Two weeks before the earnings report TIF’s board increased the quarterly per share dividend from $.32 to $.34.  On the one hand, the rise comes at the normal time of year for TIF.  And the bump up is smaller than 2012’s.  On the other, if we make the reasonable (to me, anyway) assumption that the board of directors is targeting a payout of 25% of cash flow and/or a third of profits, the dividend increase signals there’s still upside to the Wall Street consensus.

More important, the board is comfortable that business is improving.

Tiffany (TIF) reports so-so 4Q12 earnings

the results

Before the opening bell this morning on Wall Street, TIF reported 4Q12 (the company’s fiscal year ends in January) results.  Sales were up 4% year on year during the quarter, at $1.2 billion.  Net earnings were up 1% yoy, at $180 million.  That works out to eps of $1.40, vs. the $1.39 reported for 4Q11.  But it was $.04 above the brokerage house consensus of $1.36.

For the full year, sales were up 4% at $3.8 billion.  Net income was $416 million, down from $465 million in fiscal 2011.

In its earnings release, TIF also gave its first guidance for fiscal 2013.  It expects sales to be up by 6%-8% and eps to move roughly in line–but possibly with a touch of positive operating leverage evident later in the year.  1Q13 will be relatively weak (TIF fingers marketing costs and high raw material prices as the culprits), but earnings comparisons will likely improve from then on.

As I’m writing this, shortly after the open, TIF shares are up almost 3% in a market that’s up by about half a percent.

I don’t see why.

my take

TIF is an exceptionally well-managed company with a powerful brand name in the Americas and the Pacific, and in a business, luxury goods, that has strong long-term growth prospects.

This is the first time in five quarters that TIF results have exceeded the Wall Street consensus.  That’s a plus, although the “beat” is at least partly due to analysts’ low-balling their estimates after having whiffed four quarters in a row.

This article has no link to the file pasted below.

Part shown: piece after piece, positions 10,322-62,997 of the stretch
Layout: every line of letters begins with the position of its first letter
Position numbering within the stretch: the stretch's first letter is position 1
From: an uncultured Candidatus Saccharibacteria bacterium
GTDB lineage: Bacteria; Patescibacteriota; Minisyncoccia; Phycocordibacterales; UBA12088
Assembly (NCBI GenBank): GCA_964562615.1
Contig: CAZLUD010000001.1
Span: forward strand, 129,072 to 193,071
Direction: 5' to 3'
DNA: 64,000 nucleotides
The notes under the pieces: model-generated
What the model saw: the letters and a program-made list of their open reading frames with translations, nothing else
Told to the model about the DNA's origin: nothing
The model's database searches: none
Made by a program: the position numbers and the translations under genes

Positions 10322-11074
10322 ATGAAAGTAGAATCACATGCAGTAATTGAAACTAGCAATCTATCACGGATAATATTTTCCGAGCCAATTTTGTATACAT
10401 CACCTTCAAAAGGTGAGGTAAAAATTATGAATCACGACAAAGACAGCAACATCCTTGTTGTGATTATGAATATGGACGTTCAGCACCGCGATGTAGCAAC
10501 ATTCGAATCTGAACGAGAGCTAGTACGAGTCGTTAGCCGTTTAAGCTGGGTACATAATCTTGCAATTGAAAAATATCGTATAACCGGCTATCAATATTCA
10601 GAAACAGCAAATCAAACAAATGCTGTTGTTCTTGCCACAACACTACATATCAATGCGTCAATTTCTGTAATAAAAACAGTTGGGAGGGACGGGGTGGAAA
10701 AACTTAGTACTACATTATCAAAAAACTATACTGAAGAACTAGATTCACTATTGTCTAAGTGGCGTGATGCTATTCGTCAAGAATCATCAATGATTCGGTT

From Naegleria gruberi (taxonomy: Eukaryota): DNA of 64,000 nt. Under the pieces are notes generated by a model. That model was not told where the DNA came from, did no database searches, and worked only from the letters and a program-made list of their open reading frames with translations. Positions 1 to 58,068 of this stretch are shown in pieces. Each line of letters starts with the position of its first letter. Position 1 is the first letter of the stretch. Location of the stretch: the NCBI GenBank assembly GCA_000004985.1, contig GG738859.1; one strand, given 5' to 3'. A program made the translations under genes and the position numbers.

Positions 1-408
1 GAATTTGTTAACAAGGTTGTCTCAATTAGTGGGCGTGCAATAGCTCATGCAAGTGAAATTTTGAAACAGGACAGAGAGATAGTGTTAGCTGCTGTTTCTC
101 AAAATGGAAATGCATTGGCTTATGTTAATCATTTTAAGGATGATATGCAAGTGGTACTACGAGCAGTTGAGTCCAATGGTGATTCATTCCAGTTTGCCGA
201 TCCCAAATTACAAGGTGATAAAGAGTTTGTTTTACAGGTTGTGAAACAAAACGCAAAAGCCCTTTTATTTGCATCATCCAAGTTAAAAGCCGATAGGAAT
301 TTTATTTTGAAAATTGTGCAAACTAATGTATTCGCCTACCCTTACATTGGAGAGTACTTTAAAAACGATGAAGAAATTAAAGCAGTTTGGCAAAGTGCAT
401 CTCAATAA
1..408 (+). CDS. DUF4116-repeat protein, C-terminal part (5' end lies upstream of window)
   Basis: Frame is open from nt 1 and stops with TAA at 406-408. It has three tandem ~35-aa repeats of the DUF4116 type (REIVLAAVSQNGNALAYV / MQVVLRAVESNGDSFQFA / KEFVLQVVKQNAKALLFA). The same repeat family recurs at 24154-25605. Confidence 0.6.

Management guidance of 6%-9% eps growth for fiscal 2013 is also a low-ball number, in my view.  I think +10% is easily attainable but believing in +15% would be a stretch.

my issue is valuation

I’ve owned the stock in the past but don’t now. Based on management guidance, the stock is trading at 20x year-ahead earnings, which is about as high as the PE has gotten over the past decade.

–Yes, there have been short periods when the multiple has spiked higher, but who wants to count on this happening again.

–Yes, there may be another, say, 5% to count on in the stock as earnings come in better than guidance.  But a professional investor should be looking for the potential +30%s and the +50%.  There’s just not enough upside here.

–Yes, there’s recurring speculation that some EU luxury conglomerate may buy TIF.  But, again, is this enough of an investment thesis?  In my view, no.  If the stock were trading at 15x earnings, however, it would be a different story.

what catches my eye in the release

TIF still doesn’t have its balance sheet completely back under control.  A while ago, when world economic prospects looked brighter, TIF decided to boost its inventories significantly.  That was so as not to lose sales for lack of stuff to sell, as well as to support a quickened store expansion plan.    …an aggressive, but very sensible strategy.